In my first entry, I talked briefly about the advice that people sometimes give to couples who are having difficulty conceiving. I even confessed that there was a time when I thought stress was a major cause of infertility. I also promised to talk a little bit about “recall bias.”
I know. A term like “recall bias” could make your eyes glaze over.
On the other hand, it may be helpful when arguing politics, sports or many other topics.
Recall bias victimizes infertility patients on a regular basis. If you are an infertility patient, just knowing about recall bias can make your day better.
So what exactly is recall bias?
Recall bias is the tendency to remember extraordinary events with greater clarity than ordinary events.
Think of your wedding day. Unless you were six sheets to the wind, it is very likely that you remember many details of your wedding day, almost like it was yesterday.
Compare your memories of your wedding day with the third Saturday after you got married. Unless something extraordinary happened on that third Saturday (or you have the memory of a supercomputer), it’s likely that you remember your wedding day and can’t recall a single event that happened on the third Saturday.
How does this apply to the advice you get from others when you’re trying to conceive?
Well, imagine 10 infertile couples. All 10 couples have been trying to get pregnant for a number of years. After years of tests, fertility pills, injections and more negative pregnancy tests than any of the couples care to remember, they each decide to adopt.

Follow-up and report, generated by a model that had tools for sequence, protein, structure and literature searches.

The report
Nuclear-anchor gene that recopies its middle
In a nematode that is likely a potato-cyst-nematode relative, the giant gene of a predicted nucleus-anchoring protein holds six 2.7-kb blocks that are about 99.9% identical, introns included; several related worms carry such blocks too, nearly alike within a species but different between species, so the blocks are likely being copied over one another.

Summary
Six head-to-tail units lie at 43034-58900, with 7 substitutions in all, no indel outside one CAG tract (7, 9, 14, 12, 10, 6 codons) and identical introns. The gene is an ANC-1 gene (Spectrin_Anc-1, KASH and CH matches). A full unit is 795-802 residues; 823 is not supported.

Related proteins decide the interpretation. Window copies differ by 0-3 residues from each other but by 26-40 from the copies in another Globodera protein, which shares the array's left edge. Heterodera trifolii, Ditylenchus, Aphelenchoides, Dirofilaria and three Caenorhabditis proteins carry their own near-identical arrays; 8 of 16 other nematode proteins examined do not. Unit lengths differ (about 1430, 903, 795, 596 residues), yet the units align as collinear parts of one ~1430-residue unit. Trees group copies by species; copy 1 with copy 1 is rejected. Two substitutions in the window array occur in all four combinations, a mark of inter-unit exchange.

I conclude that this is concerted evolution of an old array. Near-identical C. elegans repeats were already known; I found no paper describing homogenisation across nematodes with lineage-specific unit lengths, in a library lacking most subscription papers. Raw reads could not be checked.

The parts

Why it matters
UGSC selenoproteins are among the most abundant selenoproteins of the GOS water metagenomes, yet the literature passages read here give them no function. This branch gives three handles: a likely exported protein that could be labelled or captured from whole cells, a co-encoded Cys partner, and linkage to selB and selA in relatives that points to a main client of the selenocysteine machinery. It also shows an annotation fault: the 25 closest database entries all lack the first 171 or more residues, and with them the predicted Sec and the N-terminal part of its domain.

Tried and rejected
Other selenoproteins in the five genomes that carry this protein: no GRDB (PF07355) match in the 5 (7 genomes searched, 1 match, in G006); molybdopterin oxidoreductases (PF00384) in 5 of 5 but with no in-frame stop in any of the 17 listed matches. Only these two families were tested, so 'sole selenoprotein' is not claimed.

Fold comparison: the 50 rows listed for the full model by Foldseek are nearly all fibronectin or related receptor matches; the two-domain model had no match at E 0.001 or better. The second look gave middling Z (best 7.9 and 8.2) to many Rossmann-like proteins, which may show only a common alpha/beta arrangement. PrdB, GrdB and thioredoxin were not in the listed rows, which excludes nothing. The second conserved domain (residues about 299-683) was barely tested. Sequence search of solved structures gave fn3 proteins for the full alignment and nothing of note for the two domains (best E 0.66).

The adoptions go well and all 10 couples get a brand new baby. Two months after the adoption, one of the couples, the Williams, learn that they are also pregnant.
The Williams tell their friends and family this incredible story. After years of infertility, they adopted and then got pregnant! They reasonably assume that it’s either a miracle or that just finally relaxed, or both.
But not only will the Williams give birth to a child, they will also give birth to recall bias. Recall bias emerges because of the way the Williams’ story is told compared with the other nine couples.
For example, the Williams tell their friends, family, co-workers, etc., of their miracle. As this is an extra-ordinary event, the story is more likely to be retold. It is also more likely to be remembered by people who don’t even know the Williams. And they remember the moral of the tale: if you just quit trying – it will happen!
As shown by the graphic to the right, the Williams’ story gets told and retold.
In contrast, who tells and retells the story of all the other couples who did not get pregnant after they adopted?
No one. Nobody retells those stories.
So, which story are you, as an infertile couple more likely to be told? The Williams’.
What’s the implication? If you relax, you’ll get pregnant. That’s recall bias.
A final thought for today:
If you are reading this and are struggling with infertility, I give you permission to stress as much as you want to. If you need a prescription to show to your friends that I say it is OK to stress, I’ll write one for you. Aside from stress severe enough to prevent a woman from ovulating, there is no good evidence that worrying about infertility makes it harder to conceive.
If, however, your stress is affecting your marriage, your happiness, your work, or your family, I do strongly suggest finding a healthy way to manage it. Seek whatever outlet makes the most sense to you: a friend, clergy, psychologist, acupuncturist, massage therapist or even a personal trainer.
Stress is much more likely to have a negative impact on your work or relationships than it is on your ability to get pregnant.